Pierre KochConsultant

Brussels

A simple calculator program solves problems of partial liquid volumes for a variety of storage and process vessels, including inclined cylindrical vessels and those with conical heads.

Engineers in the oil refining and chemical industries are often confronted with the problem of estimating partial liquid volumes in storage tanks or process vessels.

Formulas are unwieldy tables require interpolation exercises, and programs are available for only limited types of cases.

Such topics as cylindrical vessels have not, to the author's knowledge, been treated in a simple way. Shortcuts and simplifying assumptions are often used. These assumptions introduce errors of unknown magnitude.

Cistern, the calculator program presented here, allows fast and accurate resolution of such problems for a wide range of vessels without user intervention, other than inputting the problem data. Running the program requires no mathematical skills.

Cistern is written for Hewlett-Packard HP 41CV or HP 41CX programmable calculators (or HP 41C with extended memory modules).

### PROBLEMS

Cistern handles three types of problems:

- Calculation of the liquid volume in a specified vessel for a given liquid level
- Calculation of the level reached by a given volume of liquid in a specified vessel
- Calculation of the vessel size required to store a given volume of liquid, for an imposed filling percentage and ratios of dimensions to diameter.

### VESSELS

Cistern accepts both spherical and cylindrical vessels with the following types of heads:

- Type 1: Flat
- Type 2: Torispherical or spherical
- Type 3: Toriconical or conical
- Type 4: Ellipsoidal (particular case, hemispherical).

Fig. 1 shows the pertinent heads and the geometrical parameters that define them. Cylindrical vessels may be horizontal, vertical or inclined on the horizontal by any angle between 0 and 90.

Fig. 2 defines and illustrates the nomenclature used throughout this article.

### MATHEMATICAL FORMULAS

The total volume of the vessel and the partial liquid volume in the vessel are obtained by adding the volumes of, and the partial liquid volume in, the various parts of the vessel.

Explicit formulas exist for the total volumes of spherical, conical, torical, ellipsoidal, and cylindrical parts, as well as for partial liquid volumes in all vertical parts, in horizontal and inclined cylinders, and in horizontal ellipsoidal heads.

For all other types of heads, there are no explicit expressions for the partial liquid volumes.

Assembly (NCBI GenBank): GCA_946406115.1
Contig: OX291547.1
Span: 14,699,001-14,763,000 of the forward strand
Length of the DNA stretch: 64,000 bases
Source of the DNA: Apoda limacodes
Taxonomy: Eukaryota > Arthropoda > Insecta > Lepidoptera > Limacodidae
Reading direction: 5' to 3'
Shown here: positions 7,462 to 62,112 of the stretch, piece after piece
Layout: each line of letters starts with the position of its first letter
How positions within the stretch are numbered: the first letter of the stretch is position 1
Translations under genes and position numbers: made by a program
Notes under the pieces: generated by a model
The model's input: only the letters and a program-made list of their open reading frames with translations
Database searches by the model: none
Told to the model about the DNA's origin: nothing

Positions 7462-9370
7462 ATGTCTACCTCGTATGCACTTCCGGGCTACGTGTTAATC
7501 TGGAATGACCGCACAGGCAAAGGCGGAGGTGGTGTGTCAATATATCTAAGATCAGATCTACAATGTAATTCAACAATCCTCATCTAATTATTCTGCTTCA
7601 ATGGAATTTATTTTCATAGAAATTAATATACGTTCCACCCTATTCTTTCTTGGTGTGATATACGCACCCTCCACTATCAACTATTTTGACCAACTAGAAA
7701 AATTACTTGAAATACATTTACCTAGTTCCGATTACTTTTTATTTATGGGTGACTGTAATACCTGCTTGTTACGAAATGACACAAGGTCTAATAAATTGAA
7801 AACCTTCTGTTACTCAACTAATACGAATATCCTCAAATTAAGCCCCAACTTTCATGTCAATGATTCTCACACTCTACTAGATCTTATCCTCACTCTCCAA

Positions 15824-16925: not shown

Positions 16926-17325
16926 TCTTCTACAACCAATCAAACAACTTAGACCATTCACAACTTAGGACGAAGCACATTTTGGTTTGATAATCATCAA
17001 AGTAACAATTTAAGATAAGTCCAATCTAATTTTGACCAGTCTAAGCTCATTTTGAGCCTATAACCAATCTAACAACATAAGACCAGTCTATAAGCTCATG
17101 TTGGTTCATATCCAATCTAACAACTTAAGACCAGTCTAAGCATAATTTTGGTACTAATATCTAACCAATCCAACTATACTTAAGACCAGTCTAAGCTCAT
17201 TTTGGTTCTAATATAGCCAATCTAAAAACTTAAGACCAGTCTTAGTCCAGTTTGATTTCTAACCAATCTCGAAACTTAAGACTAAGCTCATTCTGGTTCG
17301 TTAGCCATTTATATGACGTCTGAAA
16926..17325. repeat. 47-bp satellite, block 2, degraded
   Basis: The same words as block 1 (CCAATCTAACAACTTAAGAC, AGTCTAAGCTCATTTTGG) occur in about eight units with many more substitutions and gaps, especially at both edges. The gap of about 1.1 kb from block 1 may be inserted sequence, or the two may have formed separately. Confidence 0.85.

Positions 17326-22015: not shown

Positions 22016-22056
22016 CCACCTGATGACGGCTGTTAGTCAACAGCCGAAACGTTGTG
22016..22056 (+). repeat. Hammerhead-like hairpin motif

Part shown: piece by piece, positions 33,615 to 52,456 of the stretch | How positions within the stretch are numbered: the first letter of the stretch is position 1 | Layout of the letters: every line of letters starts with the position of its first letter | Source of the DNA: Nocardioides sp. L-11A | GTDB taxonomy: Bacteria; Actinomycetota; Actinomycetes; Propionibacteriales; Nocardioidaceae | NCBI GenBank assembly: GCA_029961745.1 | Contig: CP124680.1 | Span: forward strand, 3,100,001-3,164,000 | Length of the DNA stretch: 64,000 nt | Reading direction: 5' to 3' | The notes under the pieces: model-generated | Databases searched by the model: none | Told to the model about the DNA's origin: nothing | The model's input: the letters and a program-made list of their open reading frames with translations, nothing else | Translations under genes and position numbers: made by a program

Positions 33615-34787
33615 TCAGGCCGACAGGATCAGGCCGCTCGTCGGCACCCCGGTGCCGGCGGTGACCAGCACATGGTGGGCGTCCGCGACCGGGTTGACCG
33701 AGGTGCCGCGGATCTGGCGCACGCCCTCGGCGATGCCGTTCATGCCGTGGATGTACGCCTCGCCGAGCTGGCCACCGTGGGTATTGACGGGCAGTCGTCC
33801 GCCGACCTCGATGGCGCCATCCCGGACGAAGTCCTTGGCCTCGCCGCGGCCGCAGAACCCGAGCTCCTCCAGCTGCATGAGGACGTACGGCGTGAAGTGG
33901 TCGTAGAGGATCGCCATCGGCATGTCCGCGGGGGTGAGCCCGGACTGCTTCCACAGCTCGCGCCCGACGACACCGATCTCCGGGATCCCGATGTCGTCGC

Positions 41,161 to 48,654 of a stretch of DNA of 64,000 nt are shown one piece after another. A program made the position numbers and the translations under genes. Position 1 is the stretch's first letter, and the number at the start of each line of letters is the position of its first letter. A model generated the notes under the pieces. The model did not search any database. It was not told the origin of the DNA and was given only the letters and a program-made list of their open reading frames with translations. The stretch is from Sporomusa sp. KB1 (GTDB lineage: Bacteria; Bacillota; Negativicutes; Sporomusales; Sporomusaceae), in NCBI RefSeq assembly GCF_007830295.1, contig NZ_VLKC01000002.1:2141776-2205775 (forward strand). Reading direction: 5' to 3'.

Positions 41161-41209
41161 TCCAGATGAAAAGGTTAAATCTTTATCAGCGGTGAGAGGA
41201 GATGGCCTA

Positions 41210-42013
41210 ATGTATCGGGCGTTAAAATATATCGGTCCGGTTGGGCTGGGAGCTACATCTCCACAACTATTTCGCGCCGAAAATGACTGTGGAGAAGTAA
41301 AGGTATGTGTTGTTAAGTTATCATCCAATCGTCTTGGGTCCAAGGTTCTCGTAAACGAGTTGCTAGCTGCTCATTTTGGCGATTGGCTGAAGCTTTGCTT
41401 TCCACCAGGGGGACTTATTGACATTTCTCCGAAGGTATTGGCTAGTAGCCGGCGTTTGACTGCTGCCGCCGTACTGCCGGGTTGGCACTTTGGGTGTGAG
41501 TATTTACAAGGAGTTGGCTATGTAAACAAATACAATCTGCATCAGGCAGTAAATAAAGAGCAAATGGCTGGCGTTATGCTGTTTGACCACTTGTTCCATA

The volumes must be estimated by integration methods.

A listing of these formulas is given in the accompanying box.

The formula for the partial liquid volume in an inclined cylinder is shown and illustrated in Fig. 3.

Equation 1 (Fig. 3) results from the integration of the wetted cross section, Sx, between x1 and x2.

If the level intersects the lower left side of the cylinder, then x1 = 0. If it intersects the higher right side, then x2 = L.

If the level intersects only the cylindrical part, as shown in Fig. 3, then the formula takes the much simpler form shown in Equation 2 (Fig. 3).

Equation 2 can be derived directly from simple geometrical considerations.

### CISTERN PROGRAM

Fig. 4 is the overall logic diagram for the Cistern program.

A detailed description of the program would be extensive and of little use.

Table 1 shows example data registers for spherical and cylindrical vessels.

### PROCEDURE FOR USE

Cistern can be run with any consistent system of units (m and cu m, ft and cu ft, etc.). Angle of incline, alpha, is specified by the user in degrees (the program converts it to radians for all calculations).

The procedure for running the program follows:

- Clear the calculator memory and partition the memory to have 56 data registers (XEQ SIZE 056).
- Load the program into the calculator.
- Input the problem data into their respective registers, as shown in Table 1.
- Start the run as indicated in Table 2.

The run terminates with a beep, with VVL displayed for Problem 1, and h displaced for Problems 2 and 3. All other calculated data can be found by recalling the appropriate data register, as per Table 1.

When several problems are run successively on the same vessel (not necessarily with the same slope), the second and consecutive runs can be initiated by XEQ I instead of XEQ A or XEQ F, and by XEQ J instead of XEQ B or XEQ G. This will speed up the run.

### EXAMPLE

Design a cylindrical vessel to store 50 cu m of heavy fuel, with a filling percentage of 80%. To ease the removal of settled solids, a slope of 15 on the horizontal is used.

The vessel shall have a lower conical head with d1/D = 0.3, without torical junction, and a higher torispherical head with R2/D = 1 and r2/D = 0.1. In addition, L/D = 4.

This is a "Problem 3" type calculation. Following the instructions in Table 1:

Type of vessel: 3.2 STO 00

L/D = 4 STO 13

d1/D = 0.3 STO 14

r1/D = 0 STO 15

R2/D = 1 STO 16

r2/D = 0.1 STO 17

alpha = 15 STO 18

Take n = 10 STO 20

FP = 80% STO 21

VVL = 50 cu m STO 22

Start the run: XEQ C

The run terminates with a beep with h in display: 3.633 m.

Determine that D = 2.660 m (RCL 01), L = 10.642 m (RCL 02), Vv = 62.5 cu m. (RCL 23), etc.

What is liquid volume for h = 1. 5 m?

Answer: 1.5 STO 19, XEQ I leads to VVL = 9.437 cu m

What is the liquid level height for VVL = 36 cu m?

Answer: 36 STO 22, XEQ J leads to h = 2.893 m.

Editor's note: OGJ subscribers may obtain a free, written (hard) copy of the complete program (1063 entries) by sending a self-addressed, postage paid or stamped envelope to Refining/Petrochemical Editor, Oil & Gas Journal, P.O. Box 1941, Houston, Tex., 77251.

Subscribers outside the U.S. simply send a self-addressed envelope without postage to the same address. This offer will expire July 30, 1992.

*Copyright 1992 Oil & Gas Journal. All Rights Reserved.*